Irish dance has a long and intricate history and remains hugely popular today with all ages. With Riverdance about to launch its UK 20th anniversary tour, we thought we’d delve into the origins of the Celtic dance of the Emerald Isle.

A Patriotic Dance Merged with Invasion

Irish Dance, as the name suggests, originated in Ireland but was coloured and influenced by various invasions and migrations. The first practitioners were thought to be Druids, who honoured the natural world by performing various forms of religious dance.

Not long after, the Celts came to Ireland and merged their own folk dances with Irish dance. As Ireland began converting to Christianity, peasants and priests began to incorporate an increasingly Pagan style. At the turn of the Anglo-Norman conquest, the Carol was introduced, a circular dance in which one dancer was surrounded by others as he sang.

Types of Irish Dance

Historical texts refer to three principle forms of Irish dance; the Irish Hey, Rinnce Fada and the Trenchmore.

Perhaps one of the most recognised forms of Irish dance is the structure of two long straight lines with dancers performing an energetic “jig.” Irish dance is accompanied by melodic musical strains with harps and bagpipes typically featuring in the accompaniment.

The Introduction of the Dance Master

[caption id="attachment_217" align="alignleft" width="300"]Irish Jig Credit - wikipedia[/caption]

In the 18th century, dancing masters travelled between villages in districts to teach Irish dance to peasants. The dance master would be flamboyantly dressed and carry a staff. Nowadays costumes are heavily attuned to the dance performed and that is perhaps owing to the origin of dance masters.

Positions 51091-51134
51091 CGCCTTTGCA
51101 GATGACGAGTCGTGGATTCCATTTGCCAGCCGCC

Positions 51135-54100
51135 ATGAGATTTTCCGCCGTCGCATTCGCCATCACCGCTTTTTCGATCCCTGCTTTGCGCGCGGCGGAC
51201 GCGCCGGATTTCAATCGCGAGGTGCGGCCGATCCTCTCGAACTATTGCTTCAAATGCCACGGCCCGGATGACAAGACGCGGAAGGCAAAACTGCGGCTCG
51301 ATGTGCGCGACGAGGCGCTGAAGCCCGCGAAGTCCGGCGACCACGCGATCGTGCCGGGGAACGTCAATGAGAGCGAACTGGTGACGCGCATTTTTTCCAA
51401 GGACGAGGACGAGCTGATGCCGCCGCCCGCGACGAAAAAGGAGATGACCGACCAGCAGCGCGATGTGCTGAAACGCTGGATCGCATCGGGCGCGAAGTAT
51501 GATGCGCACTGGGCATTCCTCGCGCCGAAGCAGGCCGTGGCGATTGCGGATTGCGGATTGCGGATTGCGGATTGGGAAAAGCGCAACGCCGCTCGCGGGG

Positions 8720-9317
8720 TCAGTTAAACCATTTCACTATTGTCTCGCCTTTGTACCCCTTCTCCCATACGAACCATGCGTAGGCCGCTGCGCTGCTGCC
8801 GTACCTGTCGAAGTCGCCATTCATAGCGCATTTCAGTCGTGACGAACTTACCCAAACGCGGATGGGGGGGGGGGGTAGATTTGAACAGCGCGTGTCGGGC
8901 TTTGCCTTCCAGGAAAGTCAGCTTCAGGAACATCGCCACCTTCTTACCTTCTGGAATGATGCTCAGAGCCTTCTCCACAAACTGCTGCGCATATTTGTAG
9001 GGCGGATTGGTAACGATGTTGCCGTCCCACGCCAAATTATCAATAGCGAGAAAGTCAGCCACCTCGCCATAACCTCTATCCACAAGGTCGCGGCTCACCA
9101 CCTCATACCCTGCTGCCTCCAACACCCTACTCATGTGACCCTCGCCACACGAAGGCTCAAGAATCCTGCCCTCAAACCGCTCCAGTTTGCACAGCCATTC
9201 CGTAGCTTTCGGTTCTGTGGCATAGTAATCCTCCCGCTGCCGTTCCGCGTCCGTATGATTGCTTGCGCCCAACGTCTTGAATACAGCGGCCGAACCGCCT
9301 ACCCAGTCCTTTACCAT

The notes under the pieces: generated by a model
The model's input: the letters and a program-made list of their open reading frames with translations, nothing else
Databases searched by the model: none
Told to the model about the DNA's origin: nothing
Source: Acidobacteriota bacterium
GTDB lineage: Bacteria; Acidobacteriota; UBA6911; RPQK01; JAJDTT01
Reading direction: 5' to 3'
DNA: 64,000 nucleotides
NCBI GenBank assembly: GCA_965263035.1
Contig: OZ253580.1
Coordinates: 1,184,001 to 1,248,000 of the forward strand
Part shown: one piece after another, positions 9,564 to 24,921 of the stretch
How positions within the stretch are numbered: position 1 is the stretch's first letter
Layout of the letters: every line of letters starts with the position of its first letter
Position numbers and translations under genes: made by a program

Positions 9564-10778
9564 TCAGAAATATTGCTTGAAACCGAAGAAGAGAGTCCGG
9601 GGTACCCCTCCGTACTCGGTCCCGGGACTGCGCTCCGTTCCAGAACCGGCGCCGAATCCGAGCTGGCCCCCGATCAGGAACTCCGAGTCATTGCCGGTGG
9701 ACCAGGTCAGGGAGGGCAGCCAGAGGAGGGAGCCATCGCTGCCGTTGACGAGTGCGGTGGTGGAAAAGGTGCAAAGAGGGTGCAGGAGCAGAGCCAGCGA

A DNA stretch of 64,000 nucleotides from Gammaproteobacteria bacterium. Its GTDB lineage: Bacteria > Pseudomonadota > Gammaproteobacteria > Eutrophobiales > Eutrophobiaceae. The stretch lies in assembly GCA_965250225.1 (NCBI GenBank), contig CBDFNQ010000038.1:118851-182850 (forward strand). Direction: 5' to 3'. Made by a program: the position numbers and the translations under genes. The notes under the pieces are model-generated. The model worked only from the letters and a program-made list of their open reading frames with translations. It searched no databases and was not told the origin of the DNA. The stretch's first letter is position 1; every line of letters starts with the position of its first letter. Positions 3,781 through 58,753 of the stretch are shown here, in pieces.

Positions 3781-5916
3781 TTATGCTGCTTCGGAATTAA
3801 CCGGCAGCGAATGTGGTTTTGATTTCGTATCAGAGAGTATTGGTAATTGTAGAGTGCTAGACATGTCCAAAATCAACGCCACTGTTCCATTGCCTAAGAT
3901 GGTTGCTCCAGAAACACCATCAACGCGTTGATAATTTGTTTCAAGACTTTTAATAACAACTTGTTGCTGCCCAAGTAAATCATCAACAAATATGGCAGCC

Modern Day Irish Dance

Today’s version of Irish dancing comes in many forms; hornpipes, jigs, half sets, sets, reels, polkas and step dances are widely performed. Solo dancing, otherwise known as step dancing also began to emerge as a prominent form of dance.

Irish dance has endured in popularity over time with many performances and competitions taking place all over the world giving many the opportunities to learn about this ancient, lively form of dance.

Costumes are heavily integrated into the Irish dance culture and feature traditional elements of classic peasant wear adorned with Celtic designs.

As today’s competitions place heavy emphasis on glam and glitz, many dancers like to jazz up their outfits with Swarovski sew on stones for a striking dress to catch the eye of the judges. The crystals interact beautifully with light and movement to create a truly mesmerising effect and are easy to attach to clothing.

The humble Irish dance has come a long way and is set to remain a firm dance phenomenon for a long time to come.